Irish Heart Foundation

May 16, 2018, 17:47
IHF welcomes Data Protection Bill amendment outlawing microtargeting of children by marketers
Press release… Wednesday May 16th
The Irish Heart Foundation (IHF) today (Wednesday) strongly welcomed an amendment to the Data Protection Bill making microtargeting of children by junk food marketers using data harvested by social media platforms a criminal offence.
The amendment will mean that the individual targeting of children by junk food marketers using large amounts of personal information extracted from them by digital media platforms will no longer be permitted.
The IHF, which has vigorously highlighted how marketers have been using Cambridge Analytica-type microtargeting tactics to bombard children with junk food advertisements for years, said it was an historic decision which accepts the primacy of children’s health over commercial interests.
Said IHF policy manager Kathryn Reilly: “Protecting children from online marketing in particular is crucial given the established link between junk food marketing to children and childhood obesity, which State-funded research estimates will result in the premature deaths of up to 85,000 of children on the island of Ireland.
“Whilst online advertising of junk food and drinks to children will remain unregulated and therefore detrimental to children’s health, the marketers’ power to influence children will be significantly blunted by the banning of microtargeting which enables more personalised, effective and therefore potentially more damaging marketing.”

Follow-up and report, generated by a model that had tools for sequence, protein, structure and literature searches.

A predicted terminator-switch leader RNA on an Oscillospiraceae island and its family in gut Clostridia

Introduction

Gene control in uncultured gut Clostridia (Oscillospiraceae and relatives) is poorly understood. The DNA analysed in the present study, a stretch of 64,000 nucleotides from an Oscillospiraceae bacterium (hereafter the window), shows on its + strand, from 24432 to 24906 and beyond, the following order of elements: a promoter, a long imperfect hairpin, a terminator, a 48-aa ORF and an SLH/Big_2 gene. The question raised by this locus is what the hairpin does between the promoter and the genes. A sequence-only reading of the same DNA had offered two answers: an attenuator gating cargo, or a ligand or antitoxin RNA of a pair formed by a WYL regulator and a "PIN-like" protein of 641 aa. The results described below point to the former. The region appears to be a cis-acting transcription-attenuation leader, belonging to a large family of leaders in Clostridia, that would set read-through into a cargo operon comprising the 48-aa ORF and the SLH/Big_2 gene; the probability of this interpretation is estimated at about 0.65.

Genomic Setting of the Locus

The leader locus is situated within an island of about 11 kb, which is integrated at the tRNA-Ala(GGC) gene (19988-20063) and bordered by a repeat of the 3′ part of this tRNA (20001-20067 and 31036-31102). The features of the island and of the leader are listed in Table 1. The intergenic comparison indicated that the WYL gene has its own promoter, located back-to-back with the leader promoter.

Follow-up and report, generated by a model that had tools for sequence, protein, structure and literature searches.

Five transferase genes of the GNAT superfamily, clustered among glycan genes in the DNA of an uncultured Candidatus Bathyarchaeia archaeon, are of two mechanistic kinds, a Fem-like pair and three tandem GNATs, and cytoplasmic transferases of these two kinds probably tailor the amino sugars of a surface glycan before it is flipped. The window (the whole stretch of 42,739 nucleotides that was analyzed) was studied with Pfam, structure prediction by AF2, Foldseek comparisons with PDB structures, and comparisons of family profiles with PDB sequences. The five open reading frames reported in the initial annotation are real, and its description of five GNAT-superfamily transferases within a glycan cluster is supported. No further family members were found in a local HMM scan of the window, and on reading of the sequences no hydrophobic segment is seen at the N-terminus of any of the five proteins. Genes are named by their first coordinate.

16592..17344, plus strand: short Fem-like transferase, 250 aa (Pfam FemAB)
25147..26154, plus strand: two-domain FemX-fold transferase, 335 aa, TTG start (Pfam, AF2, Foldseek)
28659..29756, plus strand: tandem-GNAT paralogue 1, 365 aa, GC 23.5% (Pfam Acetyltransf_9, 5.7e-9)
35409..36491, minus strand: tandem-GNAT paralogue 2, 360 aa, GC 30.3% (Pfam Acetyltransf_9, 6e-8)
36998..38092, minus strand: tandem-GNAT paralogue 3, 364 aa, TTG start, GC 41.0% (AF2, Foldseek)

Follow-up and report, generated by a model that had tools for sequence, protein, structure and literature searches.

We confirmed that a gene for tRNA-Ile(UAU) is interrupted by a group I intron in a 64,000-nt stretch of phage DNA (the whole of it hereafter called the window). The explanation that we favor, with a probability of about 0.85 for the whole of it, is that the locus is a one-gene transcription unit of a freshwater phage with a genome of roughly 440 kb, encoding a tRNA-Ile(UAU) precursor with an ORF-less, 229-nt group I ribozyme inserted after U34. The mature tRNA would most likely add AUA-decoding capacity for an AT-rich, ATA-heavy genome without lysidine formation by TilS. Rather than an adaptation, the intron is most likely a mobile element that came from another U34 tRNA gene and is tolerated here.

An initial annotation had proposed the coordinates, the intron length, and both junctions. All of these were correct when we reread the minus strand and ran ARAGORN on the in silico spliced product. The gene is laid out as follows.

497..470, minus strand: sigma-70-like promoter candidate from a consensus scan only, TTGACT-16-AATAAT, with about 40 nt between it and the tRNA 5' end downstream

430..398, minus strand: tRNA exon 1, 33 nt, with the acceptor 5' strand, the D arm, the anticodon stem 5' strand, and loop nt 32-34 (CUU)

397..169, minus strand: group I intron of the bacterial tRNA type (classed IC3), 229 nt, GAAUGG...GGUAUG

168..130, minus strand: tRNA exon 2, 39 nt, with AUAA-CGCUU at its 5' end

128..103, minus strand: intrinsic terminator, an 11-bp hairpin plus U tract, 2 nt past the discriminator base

We hope that the Seanad will now accept the amendment adopted in the Dail and that the Bill will be passed into law as quickly as possible.
Please contact Helena O’Donnell on 086 7744 883 to arrange media interviews
Notes to editors
The Irish Heart Foundation has led the fight against marketing of junk food to children in Ireland.  In 2016 we launched the ground-breaking research Who’s Feeding the Kids Online[1] highlighting the extent to which junk brands target children through digital media; in 2017 we launched the Stop Targeting Kids campaign[2] calling on government to regulate both online and broadcast media; in 2018 we challenged the introduction of the Department of Health’s Voluntary Code[3]; we have lobbied hard for the introduction of a Sugar and Sweetened Drinks Tax, which was introduced in May 2018.

[1] Who’s Feeding the Kids Online report 2016
[2] Stop Targeting Kids campaign
[3] Write your story here...